During 1907 through 1909, with no real support system in Trieste, Joyce relies heavily on his brother and stays with the Francinis again. He eventually gets a small workload teaching and writes articles on Ireland and famous people and characters there, giving lectures as well about his ties to the country. He sends his father one pound at one point, but it never reaches him, possibly intercepted by another family member. At this time, Joyce also publishes "Chamber Music," which does not bring him any money but has a positive reception. He is very discontented with Trieste and is hospitalized at one point for rheumatic fever. Nora goes into labor and gives birth to their daughter Lucia. However, his employment situation is precarious. When the management of the Berlitz school changes, he leaves without notice, deciding to give private lessons (though he does not give many of these). He is revising Stephen Hero and thinking about a story that will eventually become his novel Ulysses. He begins to have eye trouble around the same time that Nora has a miscarriage; Joyce begins to consider a musical career. One of his pupils, Ettore Schmitz, gives him a lot of moral support around this time, exchanging fiction and writings with his professor and getting critiques. Finally, with a one year's advance on his salary from a student, he leaves for Dublin at the end of the month.

In 1909, Joyce has two goals: to see Dubliners published and to be a professor. He is struck by melancholy and is cold to his old friends. He runs into an old friend who says that he used to date Nora, and Joyce is so upset by this admission that he goes into a rage, even going so far as to question the paternity of his children, greatly disturbing Nora. Later, she shows Stanislaus letters that prove that the old friend actually lied and that she hadscorned him earlier. After they reconcile, Joyce begins to help out his family, though he can ill afford it, giving singing lessons to his sisters and bringing his sister Eva, a pious girl, to live with him in Trieste. Before returning, he goes to Galway with his son, bringing back an expensive necklace for Nora; he, Eva, and Giorgio then take a brief trip to London.

In the chapter "The Growth of Imagination," Ellmann explores the development of Joyce's creativity. He discusses his deep and conflicted bonds both to Dublin and to his mother; he considers the love between a mother and a child of the utmost importance and even puts Nora in a mother role at times. The mother plays an important role both in Dubliners and in Portrait of the Artist as a Young Man. Other family relationships are also important to Joyce: for example, Ellmann sees the theme of Ulysses as the ultimate reconciliation with his father. Overall, the author sees Joyce's writings as a way he has of reconstituting important relationships from his life.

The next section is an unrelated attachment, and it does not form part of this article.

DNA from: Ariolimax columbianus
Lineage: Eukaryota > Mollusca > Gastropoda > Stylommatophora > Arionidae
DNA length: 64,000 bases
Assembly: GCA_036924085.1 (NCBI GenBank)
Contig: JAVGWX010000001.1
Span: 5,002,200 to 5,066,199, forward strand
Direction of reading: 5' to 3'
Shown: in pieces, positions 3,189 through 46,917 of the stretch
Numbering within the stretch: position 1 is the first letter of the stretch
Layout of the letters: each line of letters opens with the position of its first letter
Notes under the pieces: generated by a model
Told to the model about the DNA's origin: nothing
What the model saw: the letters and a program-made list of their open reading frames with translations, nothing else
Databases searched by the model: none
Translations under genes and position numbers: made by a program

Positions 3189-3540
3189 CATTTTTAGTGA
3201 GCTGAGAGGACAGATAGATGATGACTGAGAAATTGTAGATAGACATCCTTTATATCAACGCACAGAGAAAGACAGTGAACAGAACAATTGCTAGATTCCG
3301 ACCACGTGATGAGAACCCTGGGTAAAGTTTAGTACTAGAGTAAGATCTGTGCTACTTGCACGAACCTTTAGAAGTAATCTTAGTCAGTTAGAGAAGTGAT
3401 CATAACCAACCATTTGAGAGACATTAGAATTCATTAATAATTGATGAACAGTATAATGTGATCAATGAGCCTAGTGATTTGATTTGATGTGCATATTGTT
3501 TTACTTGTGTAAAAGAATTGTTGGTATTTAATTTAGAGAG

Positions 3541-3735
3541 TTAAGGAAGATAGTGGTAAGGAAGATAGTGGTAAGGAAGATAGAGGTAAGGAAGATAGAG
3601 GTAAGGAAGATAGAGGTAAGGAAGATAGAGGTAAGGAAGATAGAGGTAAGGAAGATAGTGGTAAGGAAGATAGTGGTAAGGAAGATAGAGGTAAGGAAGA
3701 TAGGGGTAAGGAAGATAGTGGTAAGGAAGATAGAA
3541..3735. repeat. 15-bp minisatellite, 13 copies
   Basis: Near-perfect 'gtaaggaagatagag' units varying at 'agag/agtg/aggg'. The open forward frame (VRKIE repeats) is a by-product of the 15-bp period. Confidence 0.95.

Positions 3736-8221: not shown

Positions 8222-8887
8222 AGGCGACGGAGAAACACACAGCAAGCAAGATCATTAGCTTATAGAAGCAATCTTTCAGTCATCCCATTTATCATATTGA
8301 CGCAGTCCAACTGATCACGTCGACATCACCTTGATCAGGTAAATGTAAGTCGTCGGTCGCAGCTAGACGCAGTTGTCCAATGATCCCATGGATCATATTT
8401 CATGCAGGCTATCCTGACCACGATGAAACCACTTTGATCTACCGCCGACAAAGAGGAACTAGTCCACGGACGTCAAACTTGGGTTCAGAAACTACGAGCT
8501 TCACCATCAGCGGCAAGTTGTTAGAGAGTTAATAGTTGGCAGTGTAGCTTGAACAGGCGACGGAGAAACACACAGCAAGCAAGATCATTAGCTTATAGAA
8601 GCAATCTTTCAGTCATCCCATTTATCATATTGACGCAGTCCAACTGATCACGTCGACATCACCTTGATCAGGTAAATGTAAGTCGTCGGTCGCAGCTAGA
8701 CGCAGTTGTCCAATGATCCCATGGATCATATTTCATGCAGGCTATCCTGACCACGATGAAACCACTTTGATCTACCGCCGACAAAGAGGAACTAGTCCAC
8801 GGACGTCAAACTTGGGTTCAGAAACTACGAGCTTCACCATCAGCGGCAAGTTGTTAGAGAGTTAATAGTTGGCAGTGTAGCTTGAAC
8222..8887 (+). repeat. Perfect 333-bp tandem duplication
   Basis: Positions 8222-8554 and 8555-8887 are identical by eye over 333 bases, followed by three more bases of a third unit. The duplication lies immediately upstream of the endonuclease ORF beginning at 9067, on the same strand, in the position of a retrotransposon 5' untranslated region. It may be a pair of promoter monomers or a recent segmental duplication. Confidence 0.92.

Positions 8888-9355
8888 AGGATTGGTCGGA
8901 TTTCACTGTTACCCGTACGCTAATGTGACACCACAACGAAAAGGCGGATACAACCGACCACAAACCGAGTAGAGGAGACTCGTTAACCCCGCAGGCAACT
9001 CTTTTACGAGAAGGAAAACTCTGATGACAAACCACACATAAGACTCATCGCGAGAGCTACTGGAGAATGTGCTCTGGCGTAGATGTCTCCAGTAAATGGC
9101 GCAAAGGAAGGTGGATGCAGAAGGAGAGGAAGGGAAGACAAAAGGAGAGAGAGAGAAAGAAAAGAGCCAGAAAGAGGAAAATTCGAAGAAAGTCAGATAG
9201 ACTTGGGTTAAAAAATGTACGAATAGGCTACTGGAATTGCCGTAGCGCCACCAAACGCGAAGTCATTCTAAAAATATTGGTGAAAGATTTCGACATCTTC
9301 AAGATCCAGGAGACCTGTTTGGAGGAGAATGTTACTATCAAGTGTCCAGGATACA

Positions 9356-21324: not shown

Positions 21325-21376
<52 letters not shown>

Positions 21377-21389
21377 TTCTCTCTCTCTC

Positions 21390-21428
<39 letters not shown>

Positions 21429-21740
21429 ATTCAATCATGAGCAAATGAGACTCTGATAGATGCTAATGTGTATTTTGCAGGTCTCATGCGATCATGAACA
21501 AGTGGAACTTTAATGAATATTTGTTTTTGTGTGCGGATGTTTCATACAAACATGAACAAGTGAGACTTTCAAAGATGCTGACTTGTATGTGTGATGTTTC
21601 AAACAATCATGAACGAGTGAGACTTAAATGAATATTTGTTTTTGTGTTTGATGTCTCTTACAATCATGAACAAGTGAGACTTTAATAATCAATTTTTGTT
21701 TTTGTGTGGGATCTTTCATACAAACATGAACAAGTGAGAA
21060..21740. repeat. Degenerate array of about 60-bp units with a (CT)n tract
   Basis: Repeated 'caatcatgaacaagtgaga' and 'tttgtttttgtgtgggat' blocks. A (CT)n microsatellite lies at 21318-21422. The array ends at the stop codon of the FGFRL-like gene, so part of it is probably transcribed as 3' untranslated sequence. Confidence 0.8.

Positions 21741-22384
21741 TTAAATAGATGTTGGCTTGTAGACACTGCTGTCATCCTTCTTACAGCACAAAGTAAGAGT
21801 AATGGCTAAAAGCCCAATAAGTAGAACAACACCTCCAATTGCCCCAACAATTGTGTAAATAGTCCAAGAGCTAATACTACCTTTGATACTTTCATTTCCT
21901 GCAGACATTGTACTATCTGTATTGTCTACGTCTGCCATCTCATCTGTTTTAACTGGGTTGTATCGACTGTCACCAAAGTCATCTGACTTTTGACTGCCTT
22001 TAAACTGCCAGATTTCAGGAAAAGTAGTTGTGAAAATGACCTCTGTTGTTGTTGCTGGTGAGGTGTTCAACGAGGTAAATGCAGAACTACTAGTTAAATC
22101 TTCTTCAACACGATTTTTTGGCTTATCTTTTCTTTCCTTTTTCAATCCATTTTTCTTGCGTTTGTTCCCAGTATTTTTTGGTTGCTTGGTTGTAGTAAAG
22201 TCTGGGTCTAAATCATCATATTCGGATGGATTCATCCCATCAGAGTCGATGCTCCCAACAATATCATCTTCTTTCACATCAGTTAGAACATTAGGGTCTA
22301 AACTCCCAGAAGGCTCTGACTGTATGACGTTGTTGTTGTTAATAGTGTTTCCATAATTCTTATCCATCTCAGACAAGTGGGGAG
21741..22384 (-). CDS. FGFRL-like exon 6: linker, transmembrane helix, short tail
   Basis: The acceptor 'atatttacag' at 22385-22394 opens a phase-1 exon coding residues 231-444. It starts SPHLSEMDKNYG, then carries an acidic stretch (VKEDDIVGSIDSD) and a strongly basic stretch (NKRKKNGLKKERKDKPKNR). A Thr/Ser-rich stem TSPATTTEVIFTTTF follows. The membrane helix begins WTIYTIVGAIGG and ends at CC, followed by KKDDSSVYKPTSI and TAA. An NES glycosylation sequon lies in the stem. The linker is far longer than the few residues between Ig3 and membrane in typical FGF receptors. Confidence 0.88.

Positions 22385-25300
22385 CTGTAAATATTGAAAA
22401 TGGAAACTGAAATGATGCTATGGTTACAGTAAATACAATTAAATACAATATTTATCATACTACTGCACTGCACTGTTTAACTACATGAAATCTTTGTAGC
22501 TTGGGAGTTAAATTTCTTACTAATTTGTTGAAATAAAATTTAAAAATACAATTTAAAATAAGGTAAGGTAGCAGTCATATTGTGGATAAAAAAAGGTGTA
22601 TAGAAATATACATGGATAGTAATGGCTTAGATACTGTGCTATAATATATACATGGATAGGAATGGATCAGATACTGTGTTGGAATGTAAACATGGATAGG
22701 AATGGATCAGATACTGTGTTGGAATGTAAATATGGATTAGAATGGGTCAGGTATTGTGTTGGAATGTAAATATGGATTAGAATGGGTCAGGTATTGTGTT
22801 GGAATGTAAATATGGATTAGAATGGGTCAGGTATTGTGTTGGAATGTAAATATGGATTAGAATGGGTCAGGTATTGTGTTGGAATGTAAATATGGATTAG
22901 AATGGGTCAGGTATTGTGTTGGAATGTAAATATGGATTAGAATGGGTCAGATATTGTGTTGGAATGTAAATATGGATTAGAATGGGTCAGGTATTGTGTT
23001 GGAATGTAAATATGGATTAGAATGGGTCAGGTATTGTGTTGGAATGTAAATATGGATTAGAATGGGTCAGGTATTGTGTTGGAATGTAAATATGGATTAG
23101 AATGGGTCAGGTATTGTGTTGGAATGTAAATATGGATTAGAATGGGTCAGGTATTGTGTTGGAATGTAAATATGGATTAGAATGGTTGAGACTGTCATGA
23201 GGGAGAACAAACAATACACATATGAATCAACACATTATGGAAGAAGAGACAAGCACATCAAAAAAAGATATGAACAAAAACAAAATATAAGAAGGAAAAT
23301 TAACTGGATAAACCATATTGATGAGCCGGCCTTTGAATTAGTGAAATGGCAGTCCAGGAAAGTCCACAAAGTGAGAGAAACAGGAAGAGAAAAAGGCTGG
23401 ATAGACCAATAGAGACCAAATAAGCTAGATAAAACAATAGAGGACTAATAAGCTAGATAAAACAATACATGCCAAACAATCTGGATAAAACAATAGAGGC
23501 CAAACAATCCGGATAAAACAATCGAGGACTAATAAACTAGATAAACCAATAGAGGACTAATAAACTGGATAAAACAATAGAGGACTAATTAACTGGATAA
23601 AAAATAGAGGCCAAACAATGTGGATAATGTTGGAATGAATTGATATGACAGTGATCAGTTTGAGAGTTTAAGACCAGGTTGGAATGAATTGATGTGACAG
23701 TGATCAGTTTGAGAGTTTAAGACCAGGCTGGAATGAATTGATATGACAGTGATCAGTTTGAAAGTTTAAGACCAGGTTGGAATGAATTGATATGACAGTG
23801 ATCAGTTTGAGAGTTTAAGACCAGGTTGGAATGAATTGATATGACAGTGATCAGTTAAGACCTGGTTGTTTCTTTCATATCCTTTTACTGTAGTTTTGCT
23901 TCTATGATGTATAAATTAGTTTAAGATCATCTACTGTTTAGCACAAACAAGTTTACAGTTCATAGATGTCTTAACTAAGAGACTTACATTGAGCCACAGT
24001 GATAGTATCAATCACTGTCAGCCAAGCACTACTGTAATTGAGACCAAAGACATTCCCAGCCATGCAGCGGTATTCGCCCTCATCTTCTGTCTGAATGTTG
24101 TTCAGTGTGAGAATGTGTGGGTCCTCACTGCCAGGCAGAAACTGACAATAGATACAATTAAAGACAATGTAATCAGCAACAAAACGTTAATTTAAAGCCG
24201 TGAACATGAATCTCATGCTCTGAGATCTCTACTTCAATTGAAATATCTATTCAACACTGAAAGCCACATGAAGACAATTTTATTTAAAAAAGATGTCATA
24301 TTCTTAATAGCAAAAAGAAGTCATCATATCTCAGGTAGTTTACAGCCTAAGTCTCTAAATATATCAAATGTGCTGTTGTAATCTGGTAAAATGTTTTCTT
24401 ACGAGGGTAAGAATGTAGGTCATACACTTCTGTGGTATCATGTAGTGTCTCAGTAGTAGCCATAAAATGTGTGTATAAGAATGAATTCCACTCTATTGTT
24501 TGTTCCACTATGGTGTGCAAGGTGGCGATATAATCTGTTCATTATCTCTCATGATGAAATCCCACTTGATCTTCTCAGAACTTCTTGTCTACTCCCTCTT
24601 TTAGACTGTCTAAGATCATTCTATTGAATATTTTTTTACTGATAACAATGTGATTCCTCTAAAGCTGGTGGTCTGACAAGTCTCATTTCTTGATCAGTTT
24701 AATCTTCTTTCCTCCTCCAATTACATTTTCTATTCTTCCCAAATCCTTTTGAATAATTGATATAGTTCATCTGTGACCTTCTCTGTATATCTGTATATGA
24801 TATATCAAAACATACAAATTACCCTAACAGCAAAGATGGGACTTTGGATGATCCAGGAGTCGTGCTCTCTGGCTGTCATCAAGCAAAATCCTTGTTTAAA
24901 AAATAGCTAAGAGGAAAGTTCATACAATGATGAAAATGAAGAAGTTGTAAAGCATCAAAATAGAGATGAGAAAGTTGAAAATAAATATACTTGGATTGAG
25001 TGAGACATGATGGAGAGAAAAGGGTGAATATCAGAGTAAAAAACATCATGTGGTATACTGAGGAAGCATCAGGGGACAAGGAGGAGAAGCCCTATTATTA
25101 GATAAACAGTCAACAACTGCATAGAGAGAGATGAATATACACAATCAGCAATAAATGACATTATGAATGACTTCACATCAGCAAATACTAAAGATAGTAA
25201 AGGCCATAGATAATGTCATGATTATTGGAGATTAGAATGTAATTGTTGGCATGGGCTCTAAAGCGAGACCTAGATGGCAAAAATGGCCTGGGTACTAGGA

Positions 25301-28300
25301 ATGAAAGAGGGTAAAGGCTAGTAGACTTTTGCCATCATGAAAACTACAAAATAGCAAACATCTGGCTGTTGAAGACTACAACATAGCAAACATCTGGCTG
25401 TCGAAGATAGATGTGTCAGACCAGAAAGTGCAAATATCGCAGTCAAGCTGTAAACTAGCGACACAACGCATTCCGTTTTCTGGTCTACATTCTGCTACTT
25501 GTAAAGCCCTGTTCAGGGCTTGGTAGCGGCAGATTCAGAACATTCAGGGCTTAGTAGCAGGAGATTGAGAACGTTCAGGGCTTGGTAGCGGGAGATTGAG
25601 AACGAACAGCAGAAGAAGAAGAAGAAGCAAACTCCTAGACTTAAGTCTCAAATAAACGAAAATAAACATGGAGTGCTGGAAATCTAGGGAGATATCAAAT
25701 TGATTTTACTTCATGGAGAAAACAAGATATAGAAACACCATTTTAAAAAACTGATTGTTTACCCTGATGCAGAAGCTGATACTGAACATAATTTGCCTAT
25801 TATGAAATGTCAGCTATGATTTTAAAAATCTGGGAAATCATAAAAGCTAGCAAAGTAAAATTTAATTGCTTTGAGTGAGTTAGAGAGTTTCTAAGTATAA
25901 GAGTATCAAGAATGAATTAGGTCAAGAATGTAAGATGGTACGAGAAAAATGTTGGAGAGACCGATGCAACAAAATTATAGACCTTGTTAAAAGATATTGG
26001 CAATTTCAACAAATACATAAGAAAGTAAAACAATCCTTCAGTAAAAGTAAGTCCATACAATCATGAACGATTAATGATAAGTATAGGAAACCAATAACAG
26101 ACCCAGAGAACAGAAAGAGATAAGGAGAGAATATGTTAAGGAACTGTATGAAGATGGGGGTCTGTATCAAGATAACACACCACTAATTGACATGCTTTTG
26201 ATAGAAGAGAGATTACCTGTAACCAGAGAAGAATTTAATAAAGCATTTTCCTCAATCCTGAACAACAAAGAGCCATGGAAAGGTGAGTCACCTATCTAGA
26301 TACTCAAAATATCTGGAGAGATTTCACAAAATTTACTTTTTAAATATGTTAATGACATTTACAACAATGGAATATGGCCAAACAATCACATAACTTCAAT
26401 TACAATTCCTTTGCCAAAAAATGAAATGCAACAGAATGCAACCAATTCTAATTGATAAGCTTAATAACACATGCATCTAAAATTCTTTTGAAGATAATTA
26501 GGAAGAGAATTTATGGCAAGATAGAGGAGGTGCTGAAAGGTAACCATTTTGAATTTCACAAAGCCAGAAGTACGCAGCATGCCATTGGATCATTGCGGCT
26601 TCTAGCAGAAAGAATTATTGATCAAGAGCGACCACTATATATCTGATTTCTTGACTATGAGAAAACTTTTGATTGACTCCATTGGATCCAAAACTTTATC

During the period from 1909 to 1911, acting like newlyweds (though they are still, technically, unmarried), Joyce and Nora and their family return to Trieste. Joyce has come up with a scheme to set up a cinema in Dublin, as well as to distribute Irish tweeds in Trieste. At home, Joyce is troubled by sciatica and iritis, his eye trouble, even as he still gives lessons. His sister Eva is horrified to find out that the couple is not married, though Nora confesses that, while she is willing, Joyce is not. The publication of Dubliners is delayed even longer due to censorship and the Volta (the theater Joyce succeeds in establishing) falls at a loss to the investors. Joyce continues to be loose with his money, sometimes buying presents and clothing instead of food as the family goes hungry. He is bitter about his publication difficulties and at one point throws his draft of Portrait into the fire, though his sister Eileen saves it. Fed up with the delay, he eventually writes a letter to King George V, asking him to intervene on his behalf (he has no success). Joyce even goes so far as to publish a public letter telling the publisher he can make whatever changes he wishes, but to no effect. Nora, meanwhile, has many men falling in love with her, which Joyce takes a kind of perverse pleasure in watching, even as he ends relationships with some of them.